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well, for a project that i thought of as strictly catch as catch can, this sure got finished quickly. i mean, it’s not like i loll around over my coffee for hours every morning (or even one hour)—i’ve really only been putting a few rows on here and there when i get a chance.

but there you have it—those are the projects that get finished.

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i even managed to get it blocked today. i put it on to soak while we went across the alley to the office for a meeting and when i came back, it was ready to be squeezed, shaped, and laid out to dry (it’s about halfway there, now).

what i’ve done here is to use the pattern for that natty cap we released the other day and knit it up for david in our new tide pool shade of kent DK. i noticed that a couple of his hats are looking a little worn. the pattern doesn’t really include a size that will fit him, so i knit the largest size using needles one size bigger, which worked well with this lofty, squishy yarn. it’s funny about the kent—each shade has its own unique character; this one is draper, that one is loftier, a third has a bit more sheen. not enough to affect the outcome of the project at hand, but enough to enjoy each one as i work with it. i love that about them.

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and you know what that means.
(well, it actually means two things—time to pick out a couple of buttons and time to figure out what the next sideline project will be.)

let’s address the first issue first; i almost have too many choices that will work great with this fabric.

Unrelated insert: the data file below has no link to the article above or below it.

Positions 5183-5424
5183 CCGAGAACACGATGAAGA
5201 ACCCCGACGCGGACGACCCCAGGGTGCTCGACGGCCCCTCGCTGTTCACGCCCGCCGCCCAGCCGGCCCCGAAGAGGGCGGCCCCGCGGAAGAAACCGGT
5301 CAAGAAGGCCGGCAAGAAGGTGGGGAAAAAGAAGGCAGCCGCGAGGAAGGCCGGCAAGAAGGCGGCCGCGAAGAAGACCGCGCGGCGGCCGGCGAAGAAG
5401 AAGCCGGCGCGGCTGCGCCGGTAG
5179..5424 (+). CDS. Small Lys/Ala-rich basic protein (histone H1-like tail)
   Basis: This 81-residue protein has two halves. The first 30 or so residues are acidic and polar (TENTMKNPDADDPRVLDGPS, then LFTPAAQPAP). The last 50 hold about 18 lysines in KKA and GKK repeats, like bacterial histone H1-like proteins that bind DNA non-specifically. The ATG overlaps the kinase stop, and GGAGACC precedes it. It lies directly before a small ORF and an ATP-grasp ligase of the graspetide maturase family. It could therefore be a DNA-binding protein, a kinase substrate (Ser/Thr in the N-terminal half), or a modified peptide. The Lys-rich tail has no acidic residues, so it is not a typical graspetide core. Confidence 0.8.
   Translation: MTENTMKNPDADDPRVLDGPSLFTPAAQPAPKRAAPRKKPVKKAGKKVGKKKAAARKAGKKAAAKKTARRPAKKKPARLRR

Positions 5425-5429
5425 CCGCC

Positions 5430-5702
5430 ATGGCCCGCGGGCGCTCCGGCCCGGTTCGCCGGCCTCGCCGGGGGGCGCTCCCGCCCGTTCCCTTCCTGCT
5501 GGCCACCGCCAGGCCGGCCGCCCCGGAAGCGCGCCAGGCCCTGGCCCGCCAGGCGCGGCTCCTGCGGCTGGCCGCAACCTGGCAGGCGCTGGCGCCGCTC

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the first are these bone buttons that are mostly blackish, but with cream streaks along the grain—we have these to list in our store and i’m told that we’ll get them posted some time on friday. i like how, where the black and cream meet, the material goes to brown. i used these on my scotty cap and i love them with the stone soup yarn, but i find them a little bit boring on this hat for some reason.

then there were a couple of options in resin material that i like well enough, but again, a little boring, though i DO like the color of the brown ones against the gray fabric. that helped me narrow things down a bit.

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every time i need buttons for an accessory, i try these blocky cedar ones; i love them so much, but their day just hasn’t come yet. i think in my heart, i’m holding to use them along the front of a knitted coat, using my own handspun yarn. they’re going to need some BIG buttonholes and a narrow hat band just isn’t the right place for that. but again, i’m loving the color contrast with this fabric, yum.

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ditto for these quirky antler ones; i have just two of these, rescued back in the 80s from a designer military-style jacket that was being thrown out by a friend.  i thought for sure they might work here, but the effect wasn’t what i’d hoped for. i think we really need some color.